guest blogger product management

There is No Perfect Roadmap

Guest Post by: Nick Eckhart (Mentee, Session 8, The Product Mentor) [Paired with Mentor, Nis Frome]

Every product manager has made the mistake of thinking a perfect product roadmap would solve the problem in front of them.

For example, you’re sitting in a meeting with stakeholders at the end of a deliverable cycle.  They need to report upward, so you’re going through the motions, updating them on the work you’ve done, are doing, and intend to do. You’re fielding questions about why something a stakeholder brought up in passing wasn’t completed. You’re frustrated since you’ve already spent an immense amount of time talking through priorities instead of actually doing the work. Every product manager has been there and thought “there’s got to be a better way – I just need a great product roadmap!”

Ah, of course, the product roadmap. The one-stop-doc to keep all stakeholders aligned.  It’ll show them what you’re working on now and in the future. But wait, there’s more! It’ll also be the sacred place anyone can point to when a new priority emerges, replacing something that has become passé. Too good to be true, right?

Right! The product roadmap is the ShamWow of aligning stakeholders.

Make no mistake – aligning stakeholders is a real problem. However, through my experience I’ve learned that the product roadmap offers the same empty promises of an infomercial. In reality, due to rapidly changing consumer preferences and shifting stakeholder priorities, roadmaps need to be one of the most fluid, unreliable, and ambiguous tools to clean up the stakeholder communication mess.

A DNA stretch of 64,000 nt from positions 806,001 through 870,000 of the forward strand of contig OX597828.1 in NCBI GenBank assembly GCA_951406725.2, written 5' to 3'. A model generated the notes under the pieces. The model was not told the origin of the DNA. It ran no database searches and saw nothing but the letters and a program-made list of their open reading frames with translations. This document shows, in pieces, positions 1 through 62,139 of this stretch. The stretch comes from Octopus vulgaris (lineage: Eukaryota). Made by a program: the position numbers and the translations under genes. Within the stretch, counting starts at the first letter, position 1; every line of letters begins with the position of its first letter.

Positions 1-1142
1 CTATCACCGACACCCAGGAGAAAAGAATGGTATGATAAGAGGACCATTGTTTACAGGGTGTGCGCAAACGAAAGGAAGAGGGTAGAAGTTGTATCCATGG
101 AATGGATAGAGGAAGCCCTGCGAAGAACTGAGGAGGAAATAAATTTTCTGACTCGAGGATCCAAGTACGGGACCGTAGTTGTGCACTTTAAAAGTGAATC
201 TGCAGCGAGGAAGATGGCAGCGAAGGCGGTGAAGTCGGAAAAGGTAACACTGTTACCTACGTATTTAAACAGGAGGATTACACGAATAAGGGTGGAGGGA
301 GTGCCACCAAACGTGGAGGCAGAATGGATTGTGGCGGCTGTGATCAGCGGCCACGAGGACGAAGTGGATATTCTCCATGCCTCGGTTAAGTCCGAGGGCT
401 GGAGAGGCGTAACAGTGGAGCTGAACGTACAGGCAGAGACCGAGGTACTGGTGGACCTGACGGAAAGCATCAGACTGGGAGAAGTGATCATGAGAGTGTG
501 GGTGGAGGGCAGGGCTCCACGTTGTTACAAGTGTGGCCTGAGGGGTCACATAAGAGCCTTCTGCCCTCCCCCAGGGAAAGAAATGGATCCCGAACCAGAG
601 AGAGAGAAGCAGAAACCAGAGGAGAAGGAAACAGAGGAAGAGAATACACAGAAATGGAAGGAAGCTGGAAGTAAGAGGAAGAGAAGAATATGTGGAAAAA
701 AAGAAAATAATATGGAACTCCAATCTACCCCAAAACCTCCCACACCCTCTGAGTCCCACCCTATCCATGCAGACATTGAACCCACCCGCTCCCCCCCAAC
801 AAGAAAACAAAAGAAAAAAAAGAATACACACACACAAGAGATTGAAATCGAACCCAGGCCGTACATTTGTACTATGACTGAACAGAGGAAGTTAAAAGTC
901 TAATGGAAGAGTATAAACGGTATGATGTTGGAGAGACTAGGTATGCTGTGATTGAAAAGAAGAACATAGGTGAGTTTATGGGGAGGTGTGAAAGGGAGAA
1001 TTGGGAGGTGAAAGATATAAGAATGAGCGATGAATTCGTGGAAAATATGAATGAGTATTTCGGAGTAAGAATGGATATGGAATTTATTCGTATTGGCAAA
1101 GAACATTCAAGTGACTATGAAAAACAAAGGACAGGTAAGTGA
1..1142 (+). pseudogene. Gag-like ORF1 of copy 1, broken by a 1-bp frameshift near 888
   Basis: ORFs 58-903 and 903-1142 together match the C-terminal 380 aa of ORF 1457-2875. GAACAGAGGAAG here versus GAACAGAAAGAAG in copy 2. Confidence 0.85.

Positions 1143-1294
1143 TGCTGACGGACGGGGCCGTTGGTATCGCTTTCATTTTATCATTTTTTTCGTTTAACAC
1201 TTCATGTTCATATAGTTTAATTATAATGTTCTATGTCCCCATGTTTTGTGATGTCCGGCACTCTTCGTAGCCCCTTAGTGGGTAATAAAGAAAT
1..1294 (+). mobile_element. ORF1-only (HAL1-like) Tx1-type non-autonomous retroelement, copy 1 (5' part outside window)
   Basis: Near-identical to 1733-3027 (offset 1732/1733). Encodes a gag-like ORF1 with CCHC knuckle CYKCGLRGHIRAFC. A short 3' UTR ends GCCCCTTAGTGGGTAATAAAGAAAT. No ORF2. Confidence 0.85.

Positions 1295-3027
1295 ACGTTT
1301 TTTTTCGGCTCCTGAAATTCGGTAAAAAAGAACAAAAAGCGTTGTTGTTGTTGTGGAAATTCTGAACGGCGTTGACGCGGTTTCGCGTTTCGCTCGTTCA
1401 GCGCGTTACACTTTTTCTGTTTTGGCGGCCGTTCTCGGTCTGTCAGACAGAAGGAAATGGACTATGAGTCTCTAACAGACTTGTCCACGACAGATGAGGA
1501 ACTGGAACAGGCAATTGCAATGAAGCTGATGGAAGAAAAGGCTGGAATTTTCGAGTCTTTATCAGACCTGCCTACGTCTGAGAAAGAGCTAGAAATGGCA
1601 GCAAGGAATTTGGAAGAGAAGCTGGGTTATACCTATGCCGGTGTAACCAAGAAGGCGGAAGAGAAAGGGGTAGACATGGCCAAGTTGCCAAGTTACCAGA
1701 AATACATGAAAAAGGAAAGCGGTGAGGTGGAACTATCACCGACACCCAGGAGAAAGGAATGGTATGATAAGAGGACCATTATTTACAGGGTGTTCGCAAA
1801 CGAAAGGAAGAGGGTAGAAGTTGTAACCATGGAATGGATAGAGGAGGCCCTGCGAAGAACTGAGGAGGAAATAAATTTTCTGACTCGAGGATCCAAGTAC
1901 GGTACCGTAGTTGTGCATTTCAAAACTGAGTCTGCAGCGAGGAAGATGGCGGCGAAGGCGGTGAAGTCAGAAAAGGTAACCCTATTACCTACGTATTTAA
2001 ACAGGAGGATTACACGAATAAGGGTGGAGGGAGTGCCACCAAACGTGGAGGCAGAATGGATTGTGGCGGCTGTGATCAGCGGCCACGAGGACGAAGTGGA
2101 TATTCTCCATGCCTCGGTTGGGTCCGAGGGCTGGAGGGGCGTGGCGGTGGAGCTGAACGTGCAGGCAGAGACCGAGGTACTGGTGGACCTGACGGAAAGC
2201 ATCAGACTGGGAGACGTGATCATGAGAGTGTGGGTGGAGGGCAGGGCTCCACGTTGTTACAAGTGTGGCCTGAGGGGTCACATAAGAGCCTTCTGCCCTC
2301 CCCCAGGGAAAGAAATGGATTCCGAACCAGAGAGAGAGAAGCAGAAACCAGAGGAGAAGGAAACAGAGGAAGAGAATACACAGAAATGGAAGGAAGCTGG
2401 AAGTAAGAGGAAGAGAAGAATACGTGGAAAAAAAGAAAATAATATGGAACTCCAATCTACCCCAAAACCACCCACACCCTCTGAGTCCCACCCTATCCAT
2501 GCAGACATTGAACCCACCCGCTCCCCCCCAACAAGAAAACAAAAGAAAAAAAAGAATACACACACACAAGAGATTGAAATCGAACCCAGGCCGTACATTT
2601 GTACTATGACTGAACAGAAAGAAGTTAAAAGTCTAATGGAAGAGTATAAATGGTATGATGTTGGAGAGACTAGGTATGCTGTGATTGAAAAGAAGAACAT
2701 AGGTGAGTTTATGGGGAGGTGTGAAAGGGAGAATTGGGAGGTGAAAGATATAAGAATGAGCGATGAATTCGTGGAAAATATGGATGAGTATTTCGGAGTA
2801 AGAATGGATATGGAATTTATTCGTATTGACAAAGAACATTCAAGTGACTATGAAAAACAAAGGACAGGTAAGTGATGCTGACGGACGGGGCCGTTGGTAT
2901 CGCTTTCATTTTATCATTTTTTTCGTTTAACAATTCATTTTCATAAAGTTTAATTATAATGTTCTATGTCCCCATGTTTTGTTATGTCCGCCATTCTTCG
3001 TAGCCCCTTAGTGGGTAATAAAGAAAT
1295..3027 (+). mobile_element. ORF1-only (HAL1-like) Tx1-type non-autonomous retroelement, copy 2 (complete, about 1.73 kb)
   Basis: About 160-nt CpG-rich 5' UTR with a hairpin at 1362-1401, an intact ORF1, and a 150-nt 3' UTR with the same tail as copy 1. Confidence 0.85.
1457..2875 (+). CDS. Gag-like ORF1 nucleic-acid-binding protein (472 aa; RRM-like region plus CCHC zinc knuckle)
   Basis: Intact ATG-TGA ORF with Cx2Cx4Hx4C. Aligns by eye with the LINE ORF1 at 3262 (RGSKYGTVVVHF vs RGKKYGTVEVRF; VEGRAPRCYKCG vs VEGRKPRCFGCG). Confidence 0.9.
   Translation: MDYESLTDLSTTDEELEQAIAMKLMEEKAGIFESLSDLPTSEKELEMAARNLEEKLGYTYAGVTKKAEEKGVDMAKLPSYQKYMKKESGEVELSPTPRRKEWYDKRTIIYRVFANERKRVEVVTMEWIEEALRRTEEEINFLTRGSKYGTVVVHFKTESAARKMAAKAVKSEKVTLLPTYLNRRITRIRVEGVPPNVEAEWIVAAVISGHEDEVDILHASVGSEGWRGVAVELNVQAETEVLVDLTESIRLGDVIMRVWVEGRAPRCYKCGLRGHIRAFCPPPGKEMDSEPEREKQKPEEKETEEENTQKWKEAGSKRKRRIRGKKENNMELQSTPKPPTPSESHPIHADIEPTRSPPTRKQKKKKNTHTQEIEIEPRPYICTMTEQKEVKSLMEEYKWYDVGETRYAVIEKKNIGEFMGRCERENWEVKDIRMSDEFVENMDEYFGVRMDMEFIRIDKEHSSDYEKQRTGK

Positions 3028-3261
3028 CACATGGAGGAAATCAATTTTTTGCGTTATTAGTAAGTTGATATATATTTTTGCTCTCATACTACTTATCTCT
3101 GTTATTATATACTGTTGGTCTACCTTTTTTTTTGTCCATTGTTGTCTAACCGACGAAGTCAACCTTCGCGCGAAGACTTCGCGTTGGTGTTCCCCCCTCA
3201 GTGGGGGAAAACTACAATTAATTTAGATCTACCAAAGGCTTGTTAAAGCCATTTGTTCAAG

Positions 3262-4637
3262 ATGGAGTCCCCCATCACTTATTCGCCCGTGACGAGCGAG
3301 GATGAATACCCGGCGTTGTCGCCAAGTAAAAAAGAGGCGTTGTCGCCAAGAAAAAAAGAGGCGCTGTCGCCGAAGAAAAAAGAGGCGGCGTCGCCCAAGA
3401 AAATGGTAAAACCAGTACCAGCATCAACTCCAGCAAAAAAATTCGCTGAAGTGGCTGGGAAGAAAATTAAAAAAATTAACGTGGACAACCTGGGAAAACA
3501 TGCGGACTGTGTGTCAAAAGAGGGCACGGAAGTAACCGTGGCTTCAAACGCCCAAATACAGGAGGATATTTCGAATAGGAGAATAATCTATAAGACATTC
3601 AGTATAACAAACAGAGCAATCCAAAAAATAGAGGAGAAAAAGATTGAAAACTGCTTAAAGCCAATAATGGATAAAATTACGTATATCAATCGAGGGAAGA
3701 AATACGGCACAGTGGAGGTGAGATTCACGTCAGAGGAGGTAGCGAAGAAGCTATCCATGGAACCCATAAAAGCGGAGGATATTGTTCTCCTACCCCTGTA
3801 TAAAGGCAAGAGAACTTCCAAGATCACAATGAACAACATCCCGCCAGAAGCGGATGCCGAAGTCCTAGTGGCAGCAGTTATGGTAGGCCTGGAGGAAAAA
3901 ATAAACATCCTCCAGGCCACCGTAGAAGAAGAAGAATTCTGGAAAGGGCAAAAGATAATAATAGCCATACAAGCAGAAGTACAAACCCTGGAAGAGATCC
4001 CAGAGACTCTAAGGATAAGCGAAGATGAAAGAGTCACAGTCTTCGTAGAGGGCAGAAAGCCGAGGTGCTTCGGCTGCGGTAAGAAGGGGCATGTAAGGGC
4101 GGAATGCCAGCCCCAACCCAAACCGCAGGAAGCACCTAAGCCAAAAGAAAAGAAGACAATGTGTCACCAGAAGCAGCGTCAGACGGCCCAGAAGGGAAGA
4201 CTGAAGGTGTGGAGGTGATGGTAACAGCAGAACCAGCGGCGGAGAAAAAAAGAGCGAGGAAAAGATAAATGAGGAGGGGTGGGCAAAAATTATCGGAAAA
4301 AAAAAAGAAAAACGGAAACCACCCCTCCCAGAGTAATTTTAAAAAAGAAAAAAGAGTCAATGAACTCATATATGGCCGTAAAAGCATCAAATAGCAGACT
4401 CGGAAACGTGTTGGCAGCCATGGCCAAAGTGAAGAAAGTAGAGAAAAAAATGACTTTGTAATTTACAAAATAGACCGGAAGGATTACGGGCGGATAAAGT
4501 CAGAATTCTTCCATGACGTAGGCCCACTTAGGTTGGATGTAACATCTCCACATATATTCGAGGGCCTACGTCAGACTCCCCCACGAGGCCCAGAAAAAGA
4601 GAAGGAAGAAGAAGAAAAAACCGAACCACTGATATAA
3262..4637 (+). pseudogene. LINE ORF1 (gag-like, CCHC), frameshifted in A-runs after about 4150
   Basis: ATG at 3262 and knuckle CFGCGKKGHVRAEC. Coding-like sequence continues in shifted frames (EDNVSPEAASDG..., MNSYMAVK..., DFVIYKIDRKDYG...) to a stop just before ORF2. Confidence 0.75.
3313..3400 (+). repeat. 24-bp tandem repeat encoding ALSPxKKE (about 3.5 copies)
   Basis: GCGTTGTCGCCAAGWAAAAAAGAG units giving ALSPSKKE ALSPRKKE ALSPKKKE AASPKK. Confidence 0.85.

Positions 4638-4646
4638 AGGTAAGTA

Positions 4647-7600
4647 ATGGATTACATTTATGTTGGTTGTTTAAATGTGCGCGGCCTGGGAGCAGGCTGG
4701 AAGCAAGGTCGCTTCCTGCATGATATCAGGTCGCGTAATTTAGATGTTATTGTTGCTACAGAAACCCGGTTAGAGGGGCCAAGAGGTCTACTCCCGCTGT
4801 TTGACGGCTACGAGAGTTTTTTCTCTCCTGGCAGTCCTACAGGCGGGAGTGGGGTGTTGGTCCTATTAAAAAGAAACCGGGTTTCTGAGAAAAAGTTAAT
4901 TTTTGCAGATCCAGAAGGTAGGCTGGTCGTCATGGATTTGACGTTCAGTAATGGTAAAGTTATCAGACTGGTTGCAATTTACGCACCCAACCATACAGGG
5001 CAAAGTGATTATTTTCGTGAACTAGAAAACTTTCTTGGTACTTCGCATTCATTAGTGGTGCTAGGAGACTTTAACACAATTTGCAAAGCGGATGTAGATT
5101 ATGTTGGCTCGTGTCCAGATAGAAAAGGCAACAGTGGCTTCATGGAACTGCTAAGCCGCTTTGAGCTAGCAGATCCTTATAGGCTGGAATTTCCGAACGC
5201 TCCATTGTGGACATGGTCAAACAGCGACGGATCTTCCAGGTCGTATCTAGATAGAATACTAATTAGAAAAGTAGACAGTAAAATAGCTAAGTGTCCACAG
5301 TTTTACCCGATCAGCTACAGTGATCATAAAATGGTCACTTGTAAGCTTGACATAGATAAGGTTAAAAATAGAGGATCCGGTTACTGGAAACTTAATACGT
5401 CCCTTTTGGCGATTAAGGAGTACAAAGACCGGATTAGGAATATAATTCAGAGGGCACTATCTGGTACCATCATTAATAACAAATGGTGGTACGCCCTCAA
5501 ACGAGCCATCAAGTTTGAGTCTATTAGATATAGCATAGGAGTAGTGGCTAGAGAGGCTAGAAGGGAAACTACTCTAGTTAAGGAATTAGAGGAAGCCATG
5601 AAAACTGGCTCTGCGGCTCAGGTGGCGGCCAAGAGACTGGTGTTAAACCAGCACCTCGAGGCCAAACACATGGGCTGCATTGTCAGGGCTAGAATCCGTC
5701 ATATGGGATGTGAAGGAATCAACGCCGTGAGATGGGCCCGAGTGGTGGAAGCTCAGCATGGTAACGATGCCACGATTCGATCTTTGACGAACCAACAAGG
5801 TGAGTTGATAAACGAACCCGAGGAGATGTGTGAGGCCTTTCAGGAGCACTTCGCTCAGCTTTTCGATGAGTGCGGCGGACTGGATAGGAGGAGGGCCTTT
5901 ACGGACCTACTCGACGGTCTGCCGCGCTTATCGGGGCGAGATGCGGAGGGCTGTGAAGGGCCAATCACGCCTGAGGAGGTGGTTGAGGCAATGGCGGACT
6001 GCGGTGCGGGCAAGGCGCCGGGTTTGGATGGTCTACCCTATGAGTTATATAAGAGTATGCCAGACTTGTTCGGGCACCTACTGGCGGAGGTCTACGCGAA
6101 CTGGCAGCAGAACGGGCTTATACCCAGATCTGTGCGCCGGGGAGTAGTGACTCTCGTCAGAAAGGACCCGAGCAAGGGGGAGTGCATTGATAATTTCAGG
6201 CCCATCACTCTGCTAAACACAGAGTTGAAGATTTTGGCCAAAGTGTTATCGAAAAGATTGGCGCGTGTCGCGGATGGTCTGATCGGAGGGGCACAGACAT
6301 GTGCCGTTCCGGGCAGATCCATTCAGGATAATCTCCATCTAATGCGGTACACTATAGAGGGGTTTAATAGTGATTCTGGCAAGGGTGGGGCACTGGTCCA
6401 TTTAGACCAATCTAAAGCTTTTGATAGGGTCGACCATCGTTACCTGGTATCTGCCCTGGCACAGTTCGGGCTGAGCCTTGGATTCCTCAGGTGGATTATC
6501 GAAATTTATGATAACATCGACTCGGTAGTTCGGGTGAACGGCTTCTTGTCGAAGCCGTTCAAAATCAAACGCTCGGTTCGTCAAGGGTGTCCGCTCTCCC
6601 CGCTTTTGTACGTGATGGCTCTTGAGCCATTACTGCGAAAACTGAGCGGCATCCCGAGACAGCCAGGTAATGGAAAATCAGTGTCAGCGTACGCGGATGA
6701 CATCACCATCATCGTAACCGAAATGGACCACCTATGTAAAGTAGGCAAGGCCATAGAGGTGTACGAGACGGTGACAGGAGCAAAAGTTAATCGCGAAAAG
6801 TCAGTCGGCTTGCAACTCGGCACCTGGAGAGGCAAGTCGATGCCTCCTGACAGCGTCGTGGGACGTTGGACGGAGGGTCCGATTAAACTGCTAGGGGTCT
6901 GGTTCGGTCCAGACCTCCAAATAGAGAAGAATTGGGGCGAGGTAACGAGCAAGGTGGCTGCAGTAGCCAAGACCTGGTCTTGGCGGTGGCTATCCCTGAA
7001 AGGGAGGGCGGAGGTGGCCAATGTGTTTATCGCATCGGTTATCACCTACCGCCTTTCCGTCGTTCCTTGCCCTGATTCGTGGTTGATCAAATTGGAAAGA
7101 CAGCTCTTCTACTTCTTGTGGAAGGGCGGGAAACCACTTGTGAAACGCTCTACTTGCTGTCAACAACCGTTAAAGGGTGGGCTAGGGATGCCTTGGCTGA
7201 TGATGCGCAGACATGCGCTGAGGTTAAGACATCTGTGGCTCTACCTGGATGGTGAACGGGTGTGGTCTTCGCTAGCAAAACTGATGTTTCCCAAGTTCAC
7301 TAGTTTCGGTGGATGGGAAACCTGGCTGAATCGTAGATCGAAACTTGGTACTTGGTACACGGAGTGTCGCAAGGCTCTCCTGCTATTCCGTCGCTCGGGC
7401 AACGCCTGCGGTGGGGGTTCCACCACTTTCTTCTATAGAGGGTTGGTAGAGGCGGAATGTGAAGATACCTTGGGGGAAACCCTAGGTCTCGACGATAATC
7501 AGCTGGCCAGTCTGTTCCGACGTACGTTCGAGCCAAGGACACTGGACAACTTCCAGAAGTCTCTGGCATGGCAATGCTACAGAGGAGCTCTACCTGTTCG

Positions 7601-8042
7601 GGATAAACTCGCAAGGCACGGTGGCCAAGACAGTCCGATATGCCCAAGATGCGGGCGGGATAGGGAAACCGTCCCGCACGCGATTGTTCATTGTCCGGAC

And yet, you still need a product roadmap. In more than 10 years of doing product management, I’ve learned that not having a roadmap creates more challenges than having one. But I’ve also learned to have realistic expectations. The roadmap is simply a conversation piece that, coupled with other communication tools, can help you achieve the ultimate goal: aligning stakeholders.

To that end, I’ve helped introduce roadmaps at companies of varying sizes, with both onsite and globally-distributed stakeholders. There is no one size fits all roadmap, but there are some common themes that lead to optimal results.

What Works

Creating an accessible destination where the roadmap lives

I’ve found boards (wall in the office for onsite teams and Trello for globally-distributed teams) to be the most effective. Stakeholders love to see things move! It helps visualize progress and as a bonus often helps connect disparate projects and priorities for developers.

Keeping it up to date

The end goal here is to train stakeholders to go to the roadmap destination for information. I always politely say “check the roadmap” when asked for a status update. Over time, this trains stakeholders to go right to the roadmap and gives it credibility, but only works if the information is up-to-date.  Note: Managing information in multiple systems sucks, but I’ve tried integrations to ease the maintenance (See: What Doesn’t Work below)

Adding the objective + goal

If you’re not already doing OKR’s, I’d highly suggest starting. If you’re already using them, it’s important to remind stakeholders why you’re executing tactics. The end goal here is to train them to give us problem instead of giving us tactics. It takes time to make this shift, but tying “feature request A” back to a goal such as “Increase user retention” gives us leverage to say “tactic a didn’t solve problem, but I have feature b + feature c that might. Over time, you can gain trust and eventually they’ll come with problems instead of solutions, but only if you make the why prominent in your roadmap.